Bookseller Briefing 30/19 – week ending 26 July

Trade figures weigh in on Booker Prize longlist as big names dominate

The Booker Prize longlist has been declared “an absolute gift for bookselling” by Waterstones as retailers acknowledged the lack of surprise entries in a year that features literary heavyweights and former winners Margaret Atwood and Salman Rushdie.

Atwood and Rushdie face competiton Goldsmiths Prize-winning author Kevin Barry, Max Porter and Elif Shafak. Debut author Oyinkan Braithwaite is also in the mix and Jeanette Winterson is longlisted for the first time with Lucy Ellman, Bernardine Evaristo, John Lanchester, Deborah Levy, Valeria Luiselli and Chigozie Obioma all vying for the £50,000 prize.

The inclusion of Porter’s Lanny (Faber) for the £50,000 prize drew considerable praise from retailers while some lamented the lack of graphic novels this year – after Nick Drnaso’s Sabrina (Granta) became the first to be longlisted last year – with some suggestions that the judges could have been bolder. Rushdie is nominated for his reworking of Don Quixote, Quichotte (to be published by Jonathan Cape on 29th August) almost four decades after he won for Midnight’s Children (Vintage) while Atwood’s longlisting for The Testaments (Chatto & Windus) comes 19 years after her win for The Blind Assassin (Vintage).

Bea Carvalho, Waterstones fiction buyer praised the line-up, describing it as “an absolute gift for bookselling”. She told The Bookseller: “The longlist is propped up by some absolute giants of literary fiction, including Margaret Atwood, whose sequel to The Handmaid’s Tale is surely the publishing event of the year. We expected The Testaments to make the list and are so thrilled to see it there. I’m especially delighted too to see Lanny on the longlist as it has been a real favourite amongst our booksellers this year. It’s a beautiful book which has captured the hearts of so many of us and its longlisting presents a chance to press it in the hands of many more of our customers.”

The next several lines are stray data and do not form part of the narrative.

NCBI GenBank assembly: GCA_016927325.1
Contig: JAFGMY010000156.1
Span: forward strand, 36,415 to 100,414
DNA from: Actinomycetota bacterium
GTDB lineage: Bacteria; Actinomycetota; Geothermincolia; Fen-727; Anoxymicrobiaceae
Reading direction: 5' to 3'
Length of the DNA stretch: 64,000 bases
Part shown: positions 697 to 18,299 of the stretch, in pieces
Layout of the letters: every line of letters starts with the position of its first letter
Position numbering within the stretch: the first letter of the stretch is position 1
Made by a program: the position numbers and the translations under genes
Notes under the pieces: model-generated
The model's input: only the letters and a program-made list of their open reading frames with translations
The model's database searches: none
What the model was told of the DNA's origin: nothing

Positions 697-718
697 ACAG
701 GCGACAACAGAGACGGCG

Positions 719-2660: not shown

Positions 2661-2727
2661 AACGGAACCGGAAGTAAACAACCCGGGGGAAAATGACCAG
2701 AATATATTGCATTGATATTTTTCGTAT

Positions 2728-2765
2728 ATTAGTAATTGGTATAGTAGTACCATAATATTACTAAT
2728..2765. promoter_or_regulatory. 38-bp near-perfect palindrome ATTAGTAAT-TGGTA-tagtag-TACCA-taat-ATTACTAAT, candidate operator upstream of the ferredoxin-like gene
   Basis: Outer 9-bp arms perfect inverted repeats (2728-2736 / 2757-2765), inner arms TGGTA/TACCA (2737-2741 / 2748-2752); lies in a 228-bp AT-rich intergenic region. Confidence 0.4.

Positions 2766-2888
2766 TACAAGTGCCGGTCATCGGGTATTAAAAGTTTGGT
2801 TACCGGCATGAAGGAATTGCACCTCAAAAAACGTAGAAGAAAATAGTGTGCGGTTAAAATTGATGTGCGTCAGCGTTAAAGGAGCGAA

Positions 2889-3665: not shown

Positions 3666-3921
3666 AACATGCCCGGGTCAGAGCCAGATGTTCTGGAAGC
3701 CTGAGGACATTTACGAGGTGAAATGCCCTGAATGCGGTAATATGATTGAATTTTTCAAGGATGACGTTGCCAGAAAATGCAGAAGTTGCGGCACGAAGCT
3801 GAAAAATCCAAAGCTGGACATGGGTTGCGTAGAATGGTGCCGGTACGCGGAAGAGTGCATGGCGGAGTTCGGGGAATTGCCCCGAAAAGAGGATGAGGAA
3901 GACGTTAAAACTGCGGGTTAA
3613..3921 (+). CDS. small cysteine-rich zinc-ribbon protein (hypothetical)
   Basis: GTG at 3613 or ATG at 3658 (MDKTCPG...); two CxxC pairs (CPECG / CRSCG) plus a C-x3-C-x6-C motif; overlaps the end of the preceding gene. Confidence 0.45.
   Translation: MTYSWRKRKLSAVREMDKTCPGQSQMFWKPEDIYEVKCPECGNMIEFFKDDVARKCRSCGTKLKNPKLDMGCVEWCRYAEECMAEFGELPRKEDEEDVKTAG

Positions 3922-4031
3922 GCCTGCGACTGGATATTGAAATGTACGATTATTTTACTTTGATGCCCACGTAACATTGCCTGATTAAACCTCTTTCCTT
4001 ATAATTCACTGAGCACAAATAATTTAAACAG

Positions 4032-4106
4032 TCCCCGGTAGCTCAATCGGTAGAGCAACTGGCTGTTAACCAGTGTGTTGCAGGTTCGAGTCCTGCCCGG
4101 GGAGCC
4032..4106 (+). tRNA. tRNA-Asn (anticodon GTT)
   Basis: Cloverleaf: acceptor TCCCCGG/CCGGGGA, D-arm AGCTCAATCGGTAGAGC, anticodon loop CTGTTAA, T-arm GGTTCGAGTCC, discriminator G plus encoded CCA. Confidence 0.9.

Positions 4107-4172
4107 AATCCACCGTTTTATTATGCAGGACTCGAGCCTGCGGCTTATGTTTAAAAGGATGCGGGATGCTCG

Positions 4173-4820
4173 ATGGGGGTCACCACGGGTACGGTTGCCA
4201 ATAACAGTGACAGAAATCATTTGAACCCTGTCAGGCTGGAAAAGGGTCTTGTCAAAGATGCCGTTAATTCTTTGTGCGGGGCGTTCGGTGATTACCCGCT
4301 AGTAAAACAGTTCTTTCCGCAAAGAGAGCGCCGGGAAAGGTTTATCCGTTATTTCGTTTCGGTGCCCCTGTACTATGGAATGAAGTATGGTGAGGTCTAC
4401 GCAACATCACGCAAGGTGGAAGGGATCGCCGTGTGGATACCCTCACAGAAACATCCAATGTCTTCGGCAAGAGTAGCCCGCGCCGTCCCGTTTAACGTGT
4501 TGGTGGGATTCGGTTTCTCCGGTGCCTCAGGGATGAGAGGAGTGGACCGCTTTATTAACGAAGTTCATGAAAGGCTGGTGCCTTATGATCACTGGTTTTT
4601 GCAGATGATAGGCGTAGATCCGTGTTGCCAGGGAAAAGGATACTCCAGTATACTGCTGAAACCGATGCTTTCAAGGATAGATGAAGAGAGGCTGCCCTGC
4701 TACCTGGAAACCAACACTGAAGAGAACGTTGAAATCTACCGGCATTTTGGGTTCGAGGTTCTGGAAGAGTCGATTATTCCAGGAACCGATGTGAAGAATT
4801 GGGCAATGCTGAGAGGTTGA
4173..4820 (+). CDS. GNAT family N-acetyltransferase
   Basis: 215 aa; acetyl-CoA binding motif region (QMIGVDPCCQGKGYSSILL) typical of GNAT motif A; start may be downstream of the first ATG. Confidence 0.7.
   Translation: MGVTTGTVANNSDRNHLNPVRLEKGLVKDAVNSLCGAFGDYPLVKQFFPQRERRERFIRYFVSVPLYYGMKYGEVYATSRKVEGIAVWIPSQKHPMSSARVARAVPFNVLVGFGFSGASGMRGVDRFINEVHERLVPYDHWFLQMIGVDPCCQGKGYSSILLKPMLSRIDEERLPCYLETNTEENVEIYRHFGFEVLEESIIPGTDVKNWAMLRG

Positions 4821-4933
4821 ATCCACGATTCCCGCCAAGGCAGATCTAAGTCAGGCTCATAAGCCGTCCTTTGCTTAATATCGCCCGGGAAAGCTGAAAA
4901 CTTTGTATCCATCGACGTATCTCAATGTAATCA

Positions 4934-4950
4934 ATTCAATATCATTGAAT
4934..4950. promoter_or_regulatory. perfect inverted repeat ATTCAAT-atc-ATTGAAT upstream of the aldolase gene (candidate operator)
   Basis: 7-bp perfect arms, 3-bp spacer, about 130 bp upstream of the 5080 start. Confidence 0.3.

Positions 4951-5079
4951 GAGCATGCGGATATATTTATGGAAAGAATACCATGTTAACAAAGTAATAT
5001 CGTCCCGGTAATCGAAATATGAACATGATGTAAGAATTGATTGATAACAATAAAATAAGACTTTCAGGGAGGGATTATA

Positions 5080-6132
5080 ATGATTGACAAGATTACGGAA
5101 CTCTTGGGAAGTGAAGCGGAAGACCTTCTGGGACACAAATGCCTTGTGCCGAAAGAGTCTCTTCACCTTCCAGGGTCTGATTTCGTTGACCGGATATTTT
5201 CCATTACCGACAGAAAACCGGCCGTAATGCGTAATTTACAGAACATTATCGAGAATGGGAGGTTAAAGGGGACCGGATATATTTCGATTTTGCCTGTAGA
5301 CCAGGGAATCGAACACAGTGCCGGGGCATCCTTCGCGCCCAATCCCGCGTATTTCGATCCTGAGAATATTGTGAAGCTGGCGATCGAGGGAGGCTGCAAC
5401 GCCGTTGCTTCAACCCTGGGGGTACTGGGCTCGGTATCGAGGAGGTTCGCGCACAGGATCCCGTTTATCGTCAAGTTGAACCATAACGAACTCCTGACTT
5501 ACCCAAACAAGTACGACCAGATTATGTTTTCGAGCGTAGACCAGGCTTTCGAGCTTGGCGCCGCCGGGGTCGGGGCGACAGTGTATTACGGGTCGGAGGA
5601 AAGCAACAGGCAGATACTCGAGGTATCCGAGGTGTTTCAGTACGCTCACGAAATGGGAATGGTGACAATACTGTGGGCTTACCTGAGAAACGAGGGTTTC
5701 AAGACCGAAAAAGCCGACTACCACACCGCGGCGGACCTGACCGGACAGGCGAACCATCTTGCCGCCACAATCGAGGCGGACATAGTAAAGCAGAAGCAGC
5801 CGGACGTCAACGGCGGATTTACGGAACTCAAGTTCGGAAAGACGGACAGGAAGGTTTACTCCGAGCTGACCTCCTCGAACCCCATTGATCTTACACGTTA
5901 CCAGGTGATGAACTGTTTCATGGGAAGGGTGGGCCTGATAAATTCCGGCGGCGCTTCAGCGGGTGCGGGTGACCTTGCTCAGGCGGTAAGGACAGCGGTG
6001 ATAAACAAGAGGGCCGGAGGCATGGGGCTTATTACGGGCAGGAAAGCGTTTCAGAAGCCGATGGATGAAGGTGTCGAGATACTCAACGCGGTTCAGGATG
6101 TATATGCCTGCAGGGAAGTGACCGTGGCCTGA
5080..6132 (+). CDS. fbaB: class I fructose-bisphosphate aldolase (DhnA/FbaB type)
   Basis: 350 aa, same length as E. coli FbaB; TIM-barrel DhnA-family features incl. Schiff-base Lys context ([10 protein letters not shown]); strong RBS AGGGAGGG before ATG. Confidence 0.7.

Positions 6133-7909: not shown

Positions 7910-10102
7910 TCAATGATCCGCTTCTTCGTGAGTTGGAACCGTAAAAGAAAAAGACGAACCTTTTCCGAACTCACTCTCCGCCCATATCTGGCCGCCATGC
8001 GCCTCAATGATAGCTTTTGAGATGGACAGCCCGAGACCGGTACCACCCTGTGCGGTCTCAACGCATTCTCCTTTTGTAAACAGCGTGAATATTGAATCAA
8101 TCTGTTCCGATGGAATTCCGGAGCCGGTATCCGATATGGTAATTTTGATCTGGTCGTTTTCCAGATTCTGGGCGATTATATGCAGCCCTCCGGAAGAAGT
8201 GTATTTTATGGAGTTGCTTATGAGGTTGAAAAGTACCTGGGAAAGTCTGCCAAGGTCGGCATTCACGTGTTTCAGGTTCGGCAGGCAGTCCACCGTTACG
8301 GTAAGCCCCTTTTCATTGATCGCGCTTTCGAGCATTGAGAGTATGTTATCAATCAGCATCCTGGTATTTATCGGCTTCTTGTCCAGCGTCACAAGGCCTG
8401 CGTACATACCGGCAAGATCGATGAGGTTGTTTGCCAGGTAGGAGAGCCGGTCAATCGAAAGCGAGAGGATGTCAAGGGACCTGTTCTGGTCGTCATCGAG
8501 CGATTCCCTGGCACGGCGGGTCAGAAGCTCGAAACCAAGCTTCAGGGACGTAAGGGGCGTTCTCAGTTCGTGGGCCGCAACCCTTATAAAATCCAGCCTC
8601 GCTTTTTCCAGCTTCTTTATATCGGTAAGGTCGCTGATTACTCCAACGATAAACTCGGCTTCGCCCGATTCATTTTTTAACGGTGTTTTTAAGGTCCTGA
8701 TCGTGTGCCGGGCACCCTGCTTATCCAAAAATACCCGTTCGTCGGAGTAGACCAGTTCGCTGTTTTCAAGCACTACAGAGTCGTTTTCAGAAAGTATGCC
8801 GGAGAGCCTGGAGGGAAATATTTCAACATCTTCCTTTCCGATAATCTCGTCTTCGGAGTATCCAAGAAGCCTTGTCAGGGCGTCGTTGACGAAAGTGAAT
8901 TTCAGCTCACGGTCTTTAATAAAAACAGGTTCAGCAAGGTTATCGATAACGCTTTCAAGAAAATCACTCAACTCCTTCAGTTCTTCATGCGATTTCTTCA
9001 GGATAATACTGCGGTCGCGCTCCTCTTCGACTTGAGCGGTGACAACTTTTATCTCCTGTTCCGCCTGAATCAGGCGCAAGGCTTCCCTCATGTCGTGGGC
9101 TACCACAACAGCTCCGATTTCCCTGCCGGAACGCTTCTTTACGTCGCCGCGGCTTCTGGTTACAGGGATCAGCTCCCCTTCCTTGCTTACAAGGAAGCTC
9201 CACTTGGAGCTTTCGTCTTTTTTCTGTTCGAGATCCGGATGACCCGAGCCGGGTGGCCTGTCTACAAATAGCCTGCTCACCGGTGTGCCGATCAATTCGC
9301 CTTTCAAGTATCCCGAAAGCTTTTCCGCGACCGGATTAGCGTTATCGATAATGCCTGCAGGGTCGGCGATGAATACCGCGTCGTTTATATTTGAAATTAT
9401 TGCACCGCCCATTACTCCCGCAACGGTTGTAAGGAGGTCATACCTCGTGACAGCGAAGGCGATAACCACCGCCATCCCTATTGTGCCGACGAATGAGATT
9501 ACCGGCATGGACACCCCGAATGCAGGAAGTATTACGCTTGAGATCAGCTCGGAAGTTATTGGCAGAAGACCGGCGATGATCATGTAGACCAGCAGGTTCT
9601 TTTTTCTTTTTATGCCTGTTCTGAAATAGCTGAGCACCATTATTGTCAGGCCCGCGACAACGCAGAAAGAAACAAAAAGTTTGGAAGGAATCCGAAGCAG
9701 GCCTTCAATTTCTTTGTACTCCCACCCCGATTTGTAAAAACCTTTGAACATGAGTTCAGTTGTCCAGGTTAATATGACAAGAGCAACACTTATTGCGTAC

Carvahlo was one of many to emphasises the dominance of political themes. “The list as a whole really reflects the current political climate and tackles some weighty themes, including John Lanchester’s dystopian vision of a post-Brexit Britain in the wake of climate emergency, and Valeria Luiselli’s heartfelt indictment of border policy. These and the others do what fiction does best, though: as well as reflecting the worst of our times, they offer hope and redemption, and – perhaps most importantly – through the authors’ skilful and engaging storytelling, some much needed escapism.”

Some have discussed the significance of a sole US presence on the ‘Booker Dozen’ on the list through American-born, Edinburgh-based author Lucy Ellmann for her 1,000-page, single-sentence monologue of an Ohio housewife Ducks, Newburyport (Galley Beggar Press).

Acknowledging that the list is not a surprising one, Carvahlo added: “Last year, the judges inclusion of a graphic novel was a notable first – there were no huge surprises this time, but Lucy Ellmann’s epic single-sentence novel [Ducks, Newburyport] is sure to be a talking point. It’s fantastic that its inclusion on the longlist should encourage a whole host of new readers to pick it up who might otherwise have found it a challenging prospect.”

Richard Drake of Drake – The Bookshop in Stockton-on-Tees said he missed the inclusion of genre fiction but also praised Ellman’s listing. “I was rather disappointed not to see the continuation of crime and graphic novel or similar genres but feel in light of today’s national announcement, Ducks, Newburyport has a great chance.”

However overall he said it was “an interesting list and very good to see nearly two thirds of the longlist is female”, citing Lanny and The Wall as most popular in the shop.

London Review of Book Shop bookseller Gayle Lazda was pleased with some inclusions but overall suggested the list lacked excitement. “We’re delighted to see Chigozie Obioma make the list and overjoyed for Deborah Levy – The Man Who Saw Everything is a masterpiece, even by Deborah Levy standards. We’re always happy to see Galley Beggar recognised, especially for something as exuberantly out-there as Ducks, Newburyport, but this year’s list is otherwise lacking in small presses, or indeed, surprises.”